An Open Letter To The SCOTUS
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Politics and Activism

An Open Letter To The SCOTUS

A disgruntled intern's swan song.

An Open Letter To The SCOTUS
Instagram @StealingEmily

Dear Supreme Court of the United States,

I am confused with your judgement in regards to internships.

As a rising sophomore in college, the amount of financial debt that looms over my head from attending a first-tier, prestigious institution gets heavier and heavier everyday. Couple that with the diminishing job market and the stigma surrounding an unstable, global economy (can we just reflect on Greece and China?). Also take into consideration that I am only 19 and still value my Instagram photos of latte art more than any stock market. Basically, I am stuck in this weird limbo of trying to be an adult, not really wanting to, but approaching some turbulence.

Put yourself in my shoes.

You are an intern at a PR firm in New York City this summer. Unpaid. New York City is one of the most expensive places to live, but it's also one of the most saturated places for hopeful internees to score an internship. Unpaid. The office hours are 10 a.m. to 6 p.m. You are so eager to learn, to be taken seriously, and be one step closer to your dream, for eight hours a day, you have to resign from being an actual human with feelings and submit yourself to the title of unpaid intern.

Lunch time. Finding lunch under $10 in NYC is a game you like to play everyday around 2 p.m. Most of the time, you end up not getting anything because, remember, you aren't being paid. Come back to your desk and continue your PowerPoint adventures until end of day. Remember to email your boss your EOD summary and make sure to grab the 6:05 p.m. N train to Penn Station or else you will miss your 6:29 p.m. NJ Transit train home.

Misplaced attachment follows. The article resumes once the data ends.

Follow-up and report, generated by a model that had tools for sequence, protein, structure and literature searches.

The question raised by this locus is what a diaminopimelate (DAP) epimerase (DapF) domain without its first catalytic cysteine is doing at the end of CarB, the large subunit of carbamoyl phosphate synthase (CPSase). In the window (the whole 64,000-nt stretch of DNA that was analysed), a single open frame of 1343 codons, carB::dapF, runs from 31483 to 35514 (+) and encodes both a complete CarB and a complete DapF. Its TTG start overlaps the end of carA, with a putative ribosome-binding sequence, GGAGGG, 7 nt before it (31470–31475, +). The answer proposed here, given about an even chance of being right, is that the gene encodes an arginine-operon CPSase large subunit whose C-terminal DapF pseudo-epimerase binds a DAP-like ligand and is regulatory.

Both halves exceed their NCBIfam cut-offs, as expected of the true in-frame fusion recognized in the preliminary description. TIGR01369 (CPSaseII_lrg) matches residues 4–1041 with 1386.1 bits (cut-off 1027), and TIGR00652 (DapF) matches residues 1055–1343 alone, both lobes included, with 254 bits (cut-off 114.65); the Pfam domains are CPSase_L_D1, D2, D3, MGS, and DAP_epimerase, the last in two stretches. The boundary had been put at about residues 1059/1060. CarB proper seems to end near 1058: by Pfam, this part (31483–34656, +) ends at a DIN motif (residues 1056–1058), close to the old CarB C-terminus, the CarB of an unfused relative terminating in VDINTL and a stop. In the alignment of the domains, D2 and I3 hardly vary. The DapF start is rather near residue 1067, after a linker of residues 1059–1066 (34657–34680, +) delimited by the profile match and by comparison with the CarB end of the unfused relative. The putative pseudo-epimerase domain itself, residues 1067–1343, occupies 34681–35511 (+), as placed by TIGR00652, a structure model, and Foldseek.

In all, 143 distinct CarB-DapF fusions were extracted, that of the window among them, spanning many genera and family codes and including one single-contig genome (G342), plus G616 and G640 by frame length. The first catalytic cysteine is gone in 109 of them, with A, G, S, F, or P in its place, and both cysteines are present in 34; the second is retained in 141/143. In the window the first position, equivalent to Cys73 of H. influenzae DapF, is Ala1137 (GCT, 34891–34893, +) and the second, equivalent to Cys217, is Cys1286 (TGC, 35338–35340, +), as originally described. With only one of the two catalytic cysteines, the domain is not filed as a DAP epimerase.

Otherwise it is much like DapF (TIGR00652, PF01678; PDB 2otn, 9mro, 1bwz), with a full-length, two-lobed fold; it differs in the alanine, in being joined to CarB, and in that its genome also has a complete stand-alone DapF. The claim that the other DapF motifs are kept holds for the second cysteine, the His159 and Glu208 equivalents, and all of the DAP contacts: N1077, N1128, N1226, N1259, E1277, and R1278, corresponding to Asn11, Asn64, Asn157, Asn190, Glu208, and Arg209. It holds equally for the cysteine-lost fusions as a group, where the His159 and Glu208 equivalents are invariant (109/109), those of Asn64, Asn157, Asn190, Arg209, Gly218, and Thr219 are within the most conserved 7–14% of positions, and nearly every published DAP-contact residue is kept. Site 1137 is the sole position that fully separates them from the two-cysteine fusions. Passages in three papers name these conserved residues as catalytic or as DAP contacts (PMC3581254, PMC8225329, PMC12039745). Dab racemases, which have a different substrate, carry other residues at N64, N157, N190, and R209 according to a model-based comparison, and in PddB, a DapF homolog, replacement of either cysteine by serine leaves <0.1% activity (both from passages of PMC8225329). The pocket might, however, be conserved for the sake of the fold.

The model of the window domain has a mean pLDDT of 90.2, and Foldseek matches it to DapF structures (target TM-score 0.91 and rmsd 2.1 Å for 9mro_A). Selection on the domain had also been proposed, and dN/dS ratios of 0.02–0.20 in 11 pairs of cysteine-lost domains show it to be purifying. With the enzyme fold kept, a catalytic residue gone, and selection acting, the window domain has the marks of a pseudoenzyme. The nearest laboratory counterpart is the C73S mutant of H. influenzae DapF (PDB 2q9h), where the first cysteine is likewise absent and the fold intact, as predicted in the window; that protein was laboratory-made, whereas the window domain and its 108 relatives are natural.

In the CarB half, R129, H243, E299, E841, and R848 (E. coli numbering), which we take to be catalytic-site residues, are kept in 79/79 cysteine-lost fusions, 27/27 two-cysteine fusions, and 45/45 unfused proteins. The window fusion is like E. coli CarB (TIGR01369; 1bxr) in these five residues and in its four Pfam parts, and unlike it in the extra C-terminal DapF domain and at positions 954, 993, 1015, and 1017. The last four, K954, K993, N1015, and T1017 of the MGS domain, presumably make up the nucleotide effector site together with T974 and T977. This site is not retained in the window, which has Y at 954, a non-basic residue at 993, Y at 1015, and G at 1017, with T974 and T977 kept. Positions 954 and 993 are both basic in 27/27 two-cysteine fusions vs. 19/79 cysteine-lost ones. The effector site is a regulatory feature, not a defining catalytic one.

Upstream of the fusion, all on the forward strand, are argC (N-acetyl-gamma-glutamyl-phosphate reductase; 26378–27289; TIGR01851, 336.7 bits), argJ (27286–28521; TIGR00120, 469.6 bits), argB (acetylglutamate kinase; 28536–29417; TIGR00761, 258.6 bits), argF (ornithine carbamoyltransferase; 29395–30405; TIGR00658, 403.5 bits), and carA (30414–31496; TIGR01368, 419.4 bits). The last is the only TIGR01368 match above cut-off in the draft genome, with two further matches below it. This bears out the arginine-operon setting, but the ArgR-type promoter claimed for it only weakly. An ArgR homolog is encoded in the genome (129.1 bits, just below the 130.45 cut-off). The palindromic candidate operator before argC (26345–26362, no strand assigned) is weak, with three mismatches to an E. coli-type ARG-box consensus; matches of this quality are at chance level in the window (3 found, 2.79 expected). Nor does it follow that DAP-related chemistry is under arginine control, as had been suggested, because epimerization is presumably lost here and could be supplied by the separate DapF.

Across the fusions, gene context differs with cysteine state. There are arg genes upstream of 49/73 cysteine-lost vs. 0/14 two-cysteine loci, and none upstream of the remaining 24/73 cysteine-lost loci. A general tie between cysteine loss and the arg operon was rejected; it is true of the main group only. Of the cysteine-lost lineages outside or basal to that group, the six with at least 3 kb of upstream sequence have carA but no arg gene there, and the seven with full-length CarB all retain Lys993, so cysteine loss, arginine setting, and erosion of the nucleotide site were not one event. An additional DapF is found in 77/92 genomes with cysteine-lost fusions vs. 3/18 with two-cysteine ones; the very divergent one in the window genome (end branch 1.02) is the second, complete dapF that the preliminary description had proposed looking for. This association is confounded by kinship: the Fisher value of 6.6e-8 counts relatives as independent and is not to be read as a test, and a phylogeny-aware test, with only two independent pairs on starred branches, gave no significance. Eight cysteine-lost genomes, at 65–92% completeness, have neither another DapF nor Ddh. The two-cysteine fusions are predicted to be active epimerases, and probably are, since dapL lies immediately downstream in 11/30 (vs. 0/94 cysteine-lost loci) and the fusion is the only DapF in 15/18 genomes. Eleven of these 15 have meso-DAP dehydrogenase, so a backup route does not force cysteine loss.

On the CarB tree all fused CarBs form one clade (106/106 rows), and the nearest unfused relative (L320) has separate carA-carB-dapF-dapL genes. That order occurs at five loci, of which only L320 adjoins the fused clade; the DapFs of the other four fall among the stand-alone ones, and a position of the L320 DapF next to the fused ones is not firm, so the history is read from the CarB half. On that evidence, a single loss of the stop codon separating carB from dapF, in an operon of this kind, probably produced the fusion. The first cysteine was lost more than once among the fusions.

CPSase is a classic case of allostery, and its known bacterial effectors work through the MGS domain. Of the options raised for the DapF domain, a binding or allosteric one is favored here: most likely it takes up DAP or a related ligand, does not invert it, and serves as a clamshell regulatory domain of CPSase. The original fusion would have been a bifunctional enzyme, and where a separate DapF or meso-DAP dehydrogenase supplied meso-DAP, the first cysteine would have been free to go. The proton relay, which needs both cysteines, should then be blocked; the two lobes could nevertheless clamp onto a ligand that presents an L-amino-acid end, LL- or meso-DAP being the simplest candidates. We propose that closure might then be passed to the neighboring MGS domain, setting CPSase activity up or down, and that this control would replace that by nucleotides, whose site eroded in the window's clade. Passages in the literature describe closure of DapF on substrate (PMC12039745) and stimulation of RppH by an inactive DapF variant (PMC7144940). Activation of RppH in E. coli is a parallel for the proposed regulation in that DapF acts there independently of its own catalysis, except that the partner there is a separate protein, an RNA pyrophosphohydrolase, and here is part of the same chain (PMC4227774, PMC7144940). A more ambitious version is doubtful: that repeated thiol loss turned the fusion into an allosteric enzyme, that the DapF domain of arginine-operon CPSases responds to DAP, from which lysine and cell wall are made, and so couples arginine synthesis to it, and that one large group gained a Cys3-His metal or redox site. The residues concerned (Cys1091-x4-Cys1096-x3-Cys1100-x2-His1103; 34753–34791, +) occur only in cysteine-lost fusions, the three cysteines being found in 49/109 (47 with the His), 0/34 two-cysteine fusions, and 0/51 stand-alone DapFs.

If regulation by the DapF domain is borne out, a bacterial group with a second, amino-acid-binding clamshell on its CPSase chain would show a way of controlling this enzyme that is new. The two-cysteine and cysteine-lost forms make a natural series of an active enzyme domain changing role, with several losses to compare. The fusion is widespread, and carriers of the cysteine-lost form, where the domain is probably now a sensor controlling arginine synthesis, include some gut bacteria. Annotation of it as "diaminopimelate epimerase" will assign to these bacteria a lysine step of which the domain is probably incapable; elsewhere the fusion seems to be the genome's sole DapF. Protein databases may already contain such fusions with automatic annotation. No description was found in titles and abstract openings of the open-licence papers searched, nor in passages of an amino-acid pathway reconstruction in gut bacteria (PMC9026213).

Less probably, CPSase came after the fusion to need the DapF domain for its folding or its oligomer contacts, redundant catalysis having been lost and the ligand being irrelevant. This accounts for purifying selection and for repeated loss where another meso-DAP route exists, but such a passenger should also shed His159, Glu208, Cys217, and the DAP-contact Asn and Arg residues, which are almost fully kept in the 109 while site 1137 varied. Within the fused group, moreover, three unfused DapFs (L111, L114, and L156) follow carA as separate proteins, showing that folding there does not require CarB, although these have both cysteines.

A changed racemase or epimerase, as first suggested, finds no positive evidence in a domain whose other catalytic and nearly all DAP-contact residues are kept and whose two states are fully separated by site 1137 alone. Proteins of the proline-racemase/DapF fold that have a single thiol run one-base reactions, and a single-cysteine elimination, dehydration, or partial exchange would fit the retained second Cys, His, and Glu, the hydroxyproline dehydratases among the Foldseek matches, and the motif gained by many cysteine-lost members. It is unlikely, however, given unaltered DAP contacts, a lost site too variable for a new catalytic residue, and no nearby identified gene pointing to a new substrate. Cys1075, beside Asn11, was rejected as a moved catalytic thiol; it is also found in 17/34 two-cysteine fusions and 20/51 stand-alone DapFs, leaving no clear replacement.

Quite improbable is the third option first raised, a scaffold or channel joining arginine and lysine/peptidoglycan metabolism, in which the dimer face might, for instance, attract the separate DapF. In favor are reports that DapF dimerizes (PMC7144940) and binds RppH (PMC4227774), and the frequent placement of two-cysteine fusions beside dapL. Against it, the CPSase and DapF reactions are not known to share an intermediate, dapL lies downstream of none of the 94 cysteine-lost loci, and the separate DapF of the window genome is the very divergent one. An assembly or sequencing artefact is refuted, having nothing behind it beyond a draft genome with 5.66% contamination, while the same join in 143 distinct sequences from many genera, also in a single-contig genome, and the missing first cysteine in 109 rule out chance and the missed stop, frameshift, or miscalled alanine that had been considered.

Repeat three times a week. Add in working a part-time retail job also eight hours a day, three times a week to balance the cost of train tickets, subway rides, and lunch-time nightmares in the city.

You can try to deny this, but I personally believe even breathing in New York costs money. Yet that's where a lot of internships are, in every industry. How can you expect a college student, who is already under a lot of financial stress due to the not-so-obvious increasing cost of college, to sustain any sort of ability to accept a full-time unpaid internship that would generally be in an expensive area? Think: D.C., Boston, NYC, or LA.

How can you expect me to choose between following my professional dreams and not being in a financial crisis? You say that it has to relate to my education, but how can that even be valid when education is getting further and further out of financial reach of young adults?

I worked hard in high school and cried over the ACTs to get into a good college. Down $65K, I now attend a world-recognized school to hopefully help me land a better job post-graduation. To land said better job post-graduation, I need experience on my resume. To get experience on my resume, I need a few internships. However, this is where a problem incurs. The $65K loan won't pay itself, and neither will an unpaid internship.


A disgruntled intern that will just end up grabbing coffee either way and you know it.

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This article has not been reviewed by Odyssey HQ and solely reflects the ideas and opinions of the creator.
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